His name means pleasant little fire.
He is my eldest, and God whispered "tender-hearted leader" over him when he was just a baby.
He's the one the pastor prayed for on national television. I'd just finished sharing with the audience that doctors had told me I probably wouldn't have kids (due to my history with anorexia). After the show, this pastor took me aside and asked if he could pray, and he prayed I would conceive a son within the year.
And I did. My tender-hearted, sensitive boy, who tackles his father and wrestles his brother and then breaks down because his feelings got hurt. He speaks in a soft, wise voice and has old-soul eyes, which see more than I want him to. With his long legs and face he carries the world on his shoulders and is very aware of right and wrong--and when someone says they'll do something, and they don't, it breaks him.
He cuddles his pet kitten; he sits in a chair and just thinks for half an hour, and nothing excites him more than a game--be it a board game, sports, the Wii. He's only five and he beats me at Settlers.
And school is a challenge.
Because my son is so content to play by himself.
I see all the boys who are so talkative and loud and there my tender-hearted one sits, quiet; utterly happy, in solitude. The teacher urges him to join the others and he willingly does, and the boys accept him for which I'm grateful, but whether or not he plays with them or beside them, it doesn't matter to him. He always tells me he's had a good day, and he throws his little-boy arms around me and hugs me as though the world is ending.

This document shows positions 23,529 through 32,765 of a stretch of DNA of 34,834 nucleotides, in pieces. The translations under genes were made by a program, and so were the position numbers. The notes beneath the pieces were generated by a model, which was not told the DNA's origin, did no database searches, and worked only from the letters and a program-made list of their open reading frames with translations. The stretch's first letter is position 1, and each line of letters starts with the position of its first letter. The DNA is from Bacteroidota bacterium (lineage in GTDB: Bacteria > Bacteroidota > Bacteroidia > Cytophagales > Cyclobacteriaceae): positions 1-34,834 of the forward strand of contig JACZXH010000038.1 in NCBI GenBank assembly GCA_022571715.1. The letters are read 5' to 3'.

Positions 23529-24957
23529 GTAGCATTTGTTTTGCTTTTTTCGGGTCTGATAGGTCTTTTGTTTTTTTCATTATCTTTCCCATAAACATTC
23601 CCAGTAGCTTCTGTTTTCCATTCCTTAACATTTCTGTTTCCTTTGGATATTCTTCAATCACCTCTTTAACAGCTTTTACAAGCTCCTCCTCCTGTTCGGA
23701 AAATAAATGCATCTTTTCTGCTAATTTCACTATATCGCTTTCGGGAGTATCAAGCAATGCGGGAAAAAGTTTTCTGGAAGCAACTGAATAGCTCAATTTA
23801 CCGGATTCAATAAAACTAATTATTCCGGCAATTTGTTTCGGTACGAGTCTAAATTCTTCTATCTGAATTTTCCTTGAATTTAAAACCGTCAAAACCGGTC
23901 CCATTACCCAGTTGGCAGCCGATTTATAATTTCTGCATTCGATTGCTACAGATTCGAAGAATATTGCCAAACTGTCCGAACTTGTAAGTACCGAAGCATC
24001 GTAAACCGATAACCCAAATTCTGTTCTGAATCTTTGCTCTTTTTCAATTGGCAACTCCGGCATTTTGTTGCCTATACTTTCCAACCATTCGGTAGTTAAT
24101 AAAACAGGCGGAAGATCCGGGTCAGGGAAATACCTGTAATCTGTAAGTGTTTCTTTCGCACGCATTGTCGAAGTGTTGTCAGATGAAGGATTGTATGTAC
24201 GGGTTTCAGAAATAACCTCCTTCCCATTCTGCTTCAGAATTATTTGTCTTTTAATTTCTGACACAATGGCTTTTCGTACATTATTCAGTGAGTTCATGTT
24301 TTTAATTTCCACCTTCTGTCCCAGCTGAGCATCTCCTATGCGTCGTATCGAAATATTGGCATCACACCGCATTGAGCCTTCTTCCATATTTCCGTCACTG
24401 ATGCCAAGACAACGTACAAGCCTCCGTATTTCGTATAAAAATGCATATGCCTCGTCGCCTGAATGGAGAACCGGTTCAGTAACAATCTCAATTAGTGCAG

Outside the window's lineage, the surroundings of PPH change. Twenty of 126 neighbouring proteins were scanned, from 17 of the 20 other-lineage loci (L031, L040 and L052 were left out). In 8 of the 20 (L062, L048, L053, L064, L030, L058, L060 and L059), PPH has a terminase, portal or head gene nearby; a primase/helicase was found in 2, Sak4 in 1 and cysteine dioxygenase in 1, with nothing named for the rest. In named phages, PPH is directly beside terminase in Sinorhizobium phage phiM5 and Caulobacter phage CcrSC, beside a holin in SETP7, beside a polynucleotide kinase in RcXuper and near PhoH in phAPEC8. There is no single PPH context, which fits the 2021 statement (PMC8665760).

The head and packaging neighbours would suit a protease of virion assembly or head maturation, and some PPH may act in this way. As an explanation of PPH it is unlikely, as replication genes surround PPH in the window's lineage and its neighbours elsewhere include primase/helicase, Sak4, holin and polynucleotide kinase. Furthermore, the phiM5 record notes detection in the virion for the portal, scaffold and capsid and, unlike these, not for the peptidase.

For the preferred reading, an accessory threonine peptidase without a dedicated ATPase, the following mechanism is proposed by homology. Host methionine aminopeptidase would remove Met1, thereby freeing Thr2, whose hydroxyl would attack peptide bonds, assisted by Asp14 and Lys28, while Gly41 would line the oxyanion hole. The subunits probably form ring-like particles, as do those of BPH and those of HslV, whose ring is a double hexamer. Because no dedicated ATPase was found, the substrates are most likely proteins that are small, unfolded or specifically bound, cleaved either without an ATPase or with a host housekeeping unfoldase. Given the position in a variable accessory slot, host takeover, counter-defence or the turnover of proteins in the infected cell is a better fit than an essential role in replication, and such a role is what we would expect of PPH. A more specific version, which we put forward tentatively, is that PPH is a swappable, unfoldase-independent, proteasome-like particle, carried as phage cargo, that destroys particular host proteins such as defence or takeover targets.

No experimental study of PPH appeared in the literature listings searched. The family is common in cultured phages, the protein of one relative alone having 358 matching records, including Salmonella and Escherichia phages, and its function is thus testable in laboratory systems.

I look at him in that big classroom with its ABCs and 123s and he's studious and thoughtful, and I see the future him, and I'm so proud: of the man he will be: the caring father, the loving husband, the introspective world-changer. I love what I see and yet in that moment, all I want is for him to be different just so he'll be popular.
I know. It's terrible.
Because in that moment, I impose my fears, and my low self-esteem, on my child. And for that moment, I rob him. Of the contentment he has been gifted with.
I see the kids who speak their minds and the ones who are rough and tumble and I envy them on my son's behalf because they are not alone: they draw people to them, whether good or bad, and for some reason I'm afraid for him to be alone.
But why? He isn't afraid. And what is so wrong with being alone?
The world needs those who are quiet enough to know who they are, who can stand firmly in that conviction. The ones who aren't afraid of silence, who aren't afraid to listen versus talk. The world needs men who, like my son, remain still enough to plant roots and plant them deep in the waters of mercy, and grace, and understanding, who aren't so busy catering to the voices around them that they neglect the one within. Who don't sell themselves short for companionship.
But oh, I do pray for a good friend for him. For one who understands my soulful child, for one who honors the leader within him and who admires his tender heart. Children can be so cruel and I pray for a kind friend.
Yet I don't want to fear him going through pain and loneliness either. Right now he doesn't feel lonely. One day he might. And it's in this loneliness that the Savior meets us. It's in those silent places, the painful places, that Jesus steps in and becomes the friend we long for.
Am I willing, as a mother, to allow him to reach that place on his own? Or will I step in and arrange play date after play date with kids from the class trying to impose what I think he needs?
I'm trying to not do anything too quickly. To give God space in which to answer my prayers. To give him my trust, that the One who whispered purpose and identity and love over my son within my womb has it all figured out.
Even as I let go.